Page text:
The five prisoners known to have been executed so far, on orders signed by President Karzai, are the first state-implemented executions in Afghanistan since October 2007 when the Government carried out death sentences on 15 prisoners. Afghanistan had observed a de facto moratorium on the death penalty since 2004.
"While recognizing the severity of the crimes with which these prisoners were charged, I am very concerned that the law enforcement and judicial systems in Afghanistan fall short of internationally accepted standards guaranteeing due process and fair trial," Pillay said. "Under these circumstances, there is a grave risk that there will be miscarriages of justice and that innocent people may be executed. The serious shortcomings in the police and judiciary have been well documented, and the Government has recognized this and committed itself to reform both branches of law enforcement."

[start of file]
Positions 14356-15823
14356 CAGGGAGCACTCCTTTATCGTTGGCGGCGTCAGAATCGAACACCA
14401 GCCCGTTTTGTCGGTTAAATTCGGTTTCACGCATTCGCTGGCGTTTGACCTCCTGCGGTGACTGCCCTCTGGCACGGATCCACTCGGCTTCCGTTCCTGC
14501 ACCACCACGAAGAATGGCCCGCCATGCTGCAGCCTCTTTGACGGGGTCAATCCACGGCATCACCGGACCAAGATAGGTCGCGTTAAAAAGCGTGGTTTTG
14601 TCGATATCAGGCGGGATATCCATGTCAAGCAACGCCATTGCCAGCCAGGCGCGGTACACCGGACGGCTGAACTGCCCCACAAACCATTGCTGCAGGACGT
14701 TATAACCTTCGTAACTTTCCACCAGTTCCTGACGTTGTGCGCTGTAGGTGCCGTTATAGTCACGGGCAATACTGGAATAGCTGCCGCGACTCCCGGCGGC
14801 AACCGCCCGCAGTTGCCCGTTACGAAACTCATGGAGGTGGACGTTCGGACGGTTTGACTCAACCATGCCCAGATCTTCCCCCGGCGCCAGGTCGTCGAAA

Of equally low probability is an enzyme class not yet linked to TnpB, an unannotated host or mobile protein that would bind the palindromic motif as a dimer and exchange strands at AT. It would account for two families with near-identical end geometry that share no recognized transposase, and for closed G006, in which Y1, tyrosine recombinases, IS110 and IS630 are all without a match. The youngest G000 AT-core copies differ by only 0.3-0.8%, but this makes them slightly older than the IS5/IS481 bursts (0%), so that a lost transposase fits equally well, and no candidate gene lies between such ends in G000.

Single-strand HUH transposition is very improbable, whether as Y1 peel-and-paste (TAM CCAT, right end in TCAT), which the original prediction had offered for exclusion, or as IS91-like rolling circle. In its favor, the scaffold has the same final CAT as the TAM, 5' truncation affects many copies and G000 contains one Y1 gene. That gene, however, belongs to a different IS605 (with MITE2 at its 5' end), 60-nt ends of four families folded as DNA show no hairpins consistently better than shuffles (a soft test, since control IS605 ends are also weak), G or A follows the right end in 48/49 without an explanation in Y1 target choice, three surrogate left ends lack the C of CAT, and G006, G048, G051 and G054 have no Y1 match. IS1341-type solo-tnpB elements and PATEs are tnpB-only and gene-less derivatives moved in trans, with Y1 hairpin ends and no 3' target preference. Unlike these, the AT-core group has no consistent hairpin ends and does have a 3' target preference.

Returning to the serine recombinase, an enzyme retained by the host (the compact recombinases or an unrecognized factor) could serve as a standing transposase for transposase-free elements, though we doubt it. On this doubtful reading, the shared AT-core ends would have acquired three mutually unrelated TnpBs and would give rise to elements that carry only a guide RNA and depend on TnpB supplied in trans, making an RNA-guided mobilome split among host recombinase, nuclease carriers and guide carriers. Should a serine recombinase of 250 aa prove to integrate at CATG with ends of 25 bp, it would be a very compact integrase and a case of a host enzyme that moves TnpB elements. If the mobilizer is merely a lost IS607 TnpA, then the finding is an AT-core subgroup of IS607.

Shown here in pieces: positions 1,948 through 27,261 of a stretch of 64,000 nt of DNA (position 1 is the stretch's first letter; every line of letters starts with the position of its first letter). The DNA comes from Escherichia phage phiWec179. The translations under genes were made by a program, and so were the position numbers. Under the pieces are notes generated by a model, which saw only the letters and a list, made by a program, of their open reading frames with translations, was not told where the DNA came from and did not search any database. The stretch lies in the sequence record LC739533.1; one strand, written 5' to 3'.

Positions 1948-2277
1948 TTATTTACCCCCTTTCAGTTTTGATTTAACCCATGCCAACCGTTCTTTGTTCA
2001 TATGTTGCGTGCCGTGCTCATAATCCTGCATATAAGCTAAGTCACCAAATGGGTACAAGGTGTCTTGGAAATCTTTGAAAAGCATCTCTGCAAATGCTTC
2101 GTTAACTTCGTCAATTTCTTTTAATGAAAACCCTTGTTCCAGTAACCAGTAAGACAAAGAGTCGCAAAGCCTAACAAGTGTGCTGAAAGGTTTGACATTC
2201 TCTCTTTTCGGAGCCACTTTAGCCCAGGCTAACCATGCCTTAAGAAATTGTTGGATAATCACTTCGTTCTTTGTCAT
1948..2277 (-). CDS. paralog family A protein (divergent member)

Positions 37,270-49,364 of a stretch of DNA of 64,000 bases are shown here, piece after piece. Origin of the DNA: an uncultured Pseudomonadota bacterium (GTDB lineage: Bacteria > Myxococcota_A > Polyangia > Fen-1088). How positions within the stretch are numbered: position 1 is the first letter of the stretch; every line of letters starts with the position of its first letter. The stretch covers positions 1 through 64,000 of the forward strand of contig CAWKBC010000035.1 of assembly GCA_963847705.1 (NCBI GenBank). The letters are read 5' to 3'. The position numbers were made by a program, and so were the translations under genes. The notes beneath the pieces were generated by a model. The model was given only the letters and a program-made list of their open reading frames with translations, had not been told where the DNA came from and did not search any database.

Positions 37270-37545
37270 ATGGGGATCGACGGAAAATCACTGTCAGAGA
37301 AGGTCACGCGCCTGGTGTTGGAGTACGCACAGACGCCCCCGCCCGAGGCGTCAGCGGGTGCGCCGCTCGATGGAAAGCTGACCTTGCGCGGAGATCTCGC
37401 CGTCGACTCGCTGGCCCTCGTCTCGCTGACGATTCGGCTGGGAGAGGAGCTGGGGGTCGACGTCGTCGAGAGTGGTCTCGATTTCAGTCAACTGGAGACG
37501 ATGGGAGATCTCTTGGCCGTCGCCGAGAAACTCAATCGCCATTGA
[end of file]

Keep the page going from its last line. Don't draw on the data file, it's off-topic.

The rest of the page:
The High Commissioner urged President Karzai "to call a halt to any further executions and to rejoin the growing international consensus for a moratorium on the death penalty." In December 2007, the UN General Assembly passed a resolution calling for a worldwide moratorium.
Pillay also encouraged the Government of Afghanistan to join the other 68 states that have acceded to the Second Optional Protocol to the International Covenant on Civil and Political Rights, aiming at the abolition of the death penalty.